3. Your clients should terminate themselves after all is done. And the clients can run multiple times to send requests. However, the backend servers and the Central server should keep being running and be waiting for another request until the TAs terminate them by Ctrl+C. If they terminate before that, you will lose some points for it.
  4. All the naming conventions and the on-screen messages must conform to the previously mentioned rules.
  5. You are not allowed to pass any parameter or value or string or character as a command-line argument except while running the clients in Phase 1.
  6. All the on-screen messages must conform exactly to the project description. You should not add anymore on-screen messages. If you need to do so for the debugging purposes, you must comment out all of the extra messages before you submit your project.
  7. Please do remember to close the socket and tear down the connection once you are done using that socket.

Programming platform and environment

  1. All your submitted code MUST work well on the provided virtual machine Ubuntu.
  2. All submissions will only be graded on the provided Ubuntu. TAs won’t make any updates or changes to the virtual machine. It’s your responsibility to make sure your code works well on the provided Ubuntu. “It works well on my machine” is not an excuse.
  3. Your submission MUST have a Makefile. Please follow the requirements in the following “”Submission Rules” section.

Programming languages and compilers

You must use only C/C++ on UNIX as well as UNIX Socket programming commands and functions. Here are the pointers for Beej’s Guide to C Programming and Network Programming (socket programming): http://www.beej.us/guide/bgnet/ (If you are new to socket programming please do study this tutorial carefully as soon as possible and before starting the project) http://www.beej.us/guide/bgc/

You can use a unix text editor like emacs to type your code and then use compilers such as g++ (for C++) and gcc (for C) that are already installed on Ubuntu to compile your code. You must use the following commands and switches to compile yourfile.c or yourfile.cpp. It will make an executable by the name of “yourfileoutput”. gcc -o yourfileoutput yourfile.c g++ -o yourfileoutput yourfile.cpp

Do NOT forget the mandatory naming conventions mentioned before!

Submission Rules

  1. Along with your code files, include a README file and a Makefile. In the
    README file write
    • a. Your Full Name as given in the class list
    • b. Your Student ID
    • c. What you have done in the assignment, if you have completed the optional part (suffix). If it’s not mentioned, it will not be considered.
    • d. What your code files are and what each one of them does. (Please do not repeat the project description, just name your code files and briefly mention what they do).
    • e. The format of all the messages exchanged.
    • g. Any idiosyncrasy of your project. It should say under what conditions the project fails, if any.
    • h. Reused Code: Did you use code from anywhere for your project? If not, say so. If so, say what functions and where they’re from. (Also identify this with a comment in the source code.)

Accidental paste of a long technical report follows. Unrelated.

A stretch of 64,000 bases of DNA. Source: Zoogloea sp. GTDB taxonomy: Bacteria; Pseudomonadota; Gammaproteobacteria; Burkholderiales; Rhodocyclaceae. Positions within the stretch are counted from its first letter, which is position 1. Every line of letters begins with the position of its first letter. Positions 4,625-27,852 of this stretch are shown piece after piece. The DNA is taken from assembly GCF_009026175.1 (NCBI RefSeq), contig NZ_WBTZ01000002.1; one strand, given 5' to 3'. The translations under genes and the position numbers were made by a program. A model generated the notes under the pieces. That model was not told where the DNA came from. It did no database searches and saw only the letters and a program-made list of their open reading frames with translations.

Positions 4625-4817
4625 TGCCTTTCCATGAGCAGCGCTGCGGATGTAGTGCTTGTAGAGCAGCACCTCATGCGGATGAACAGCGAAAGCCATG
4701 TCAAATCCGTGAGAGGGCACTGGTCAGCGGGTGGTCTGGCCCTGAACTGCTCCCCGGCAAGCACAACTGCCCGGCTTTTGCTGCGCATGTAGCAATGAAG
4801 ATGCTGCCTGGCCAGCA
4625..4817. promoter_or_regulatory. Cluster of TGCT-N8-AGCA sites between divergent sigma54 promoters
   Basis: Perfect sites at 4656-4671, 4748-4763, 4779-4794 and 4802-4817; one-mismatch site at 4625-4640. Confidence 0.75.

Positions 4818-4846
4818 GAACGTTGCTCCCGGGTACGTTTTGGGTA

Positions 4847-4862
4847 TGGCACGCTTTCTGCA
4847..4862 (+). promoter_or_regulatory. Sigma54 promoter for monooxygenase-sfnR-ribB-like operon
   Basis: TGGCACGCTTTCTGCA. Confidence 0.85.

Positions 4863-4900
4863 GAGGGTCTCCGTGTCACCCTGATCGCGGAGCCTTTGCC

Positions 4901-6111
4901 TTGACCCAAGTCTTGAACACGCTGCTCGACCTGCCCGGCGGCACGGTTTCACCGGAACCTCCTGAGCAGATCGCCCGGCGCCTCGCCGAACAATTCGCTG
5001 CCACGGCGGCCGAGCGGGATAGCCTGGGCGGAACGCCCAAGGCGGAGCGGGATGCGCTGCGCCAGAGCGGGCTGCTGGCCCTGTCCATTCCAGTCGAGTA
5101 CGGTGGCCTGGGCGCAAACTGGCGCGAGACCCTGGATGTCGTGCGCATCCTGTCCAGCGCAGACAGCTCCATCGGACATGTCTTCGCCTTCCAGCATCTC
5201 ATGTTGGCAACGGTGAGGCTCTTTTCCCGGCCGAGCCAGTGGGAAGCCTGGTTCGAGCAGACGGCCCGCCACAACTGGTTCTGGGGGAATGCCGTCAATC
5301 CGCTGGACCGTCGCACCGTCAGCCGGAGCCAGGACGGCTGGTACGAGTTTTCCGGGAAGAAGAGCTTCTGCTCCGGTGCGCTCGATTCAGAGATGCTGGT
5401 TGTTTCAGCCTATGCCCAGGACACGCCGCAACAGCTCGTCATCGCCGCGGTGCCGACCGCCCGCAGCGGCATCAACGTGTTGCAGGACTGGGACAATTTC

2. Compress all your files including the README file into a single “tar ball” and call it: ee450_yourUSCusername_session#.tar.gz (all small letters) e.g. my filename would be ee450_nanantha_session1.tar.gz. Please make sure that your name matches the one in the class list. Here are the instructions:
    • a. On your VM, go to the directory which has all your project files. Remove all executable and other unnecessary files. Only include the required source code files, Makefile and the README file. Now run the following commands:
    • b. Now, you will find a file named “ee450_yourUSCusername_session#.tar.gz” in the same directory. Please notice there is a star(*) at the end of first command.
  3. Upload “ee450_yourUSCusername_session#.tar.gz” to the Digital Dropbox on the DEN website. After the file is uploaded to the dropbox, you must click on the “send” button to actually submit it. If you do not click on “send”, the file will not be submitted.
  4. D2L will and keep a history of all your submissions. If you make multiple submission, we will grade your latest valid submission. Submission after deadline is considered as invalid.
  5. D2L will send you a “Dropbox submission receipt” to confirm your submission. So please do check your emails to make sure your submission is successfully received. If you don’t receive a confirmation email, try again later and contact your TA if it always fails.
  6. Please take into account all kinds of possible technical issues and do expect a huge traffic on the DEN website very close to the deadline which may render your submission or even access to DEN unsuccessful.
  7. Please DO NOT wait till the last 5 minutes to upload and submit because some technical issues might happen and you will miss the deadline. And a kind suggestion, if you still get some bugs one hour before the deadline, please make a submission first to make sure you will get some points for your hard work!
  8. After receiving the confirmation email, please confirm your submission by downloading and compiling it on your machine. If the outcome is not what you expected, try to resubmit and confirm again. We will only grade what you submitted even though it’s corrupted.
  9. You have plenty of time to work on this project and submit it in time hence there is absolutely zero tolerance for late submissions! Do NOT assume that there will be a late submission penalty or a grace period. If you submit your project late (no matter for what reason or excuse or even technical issues), you simply receive a zero for the project.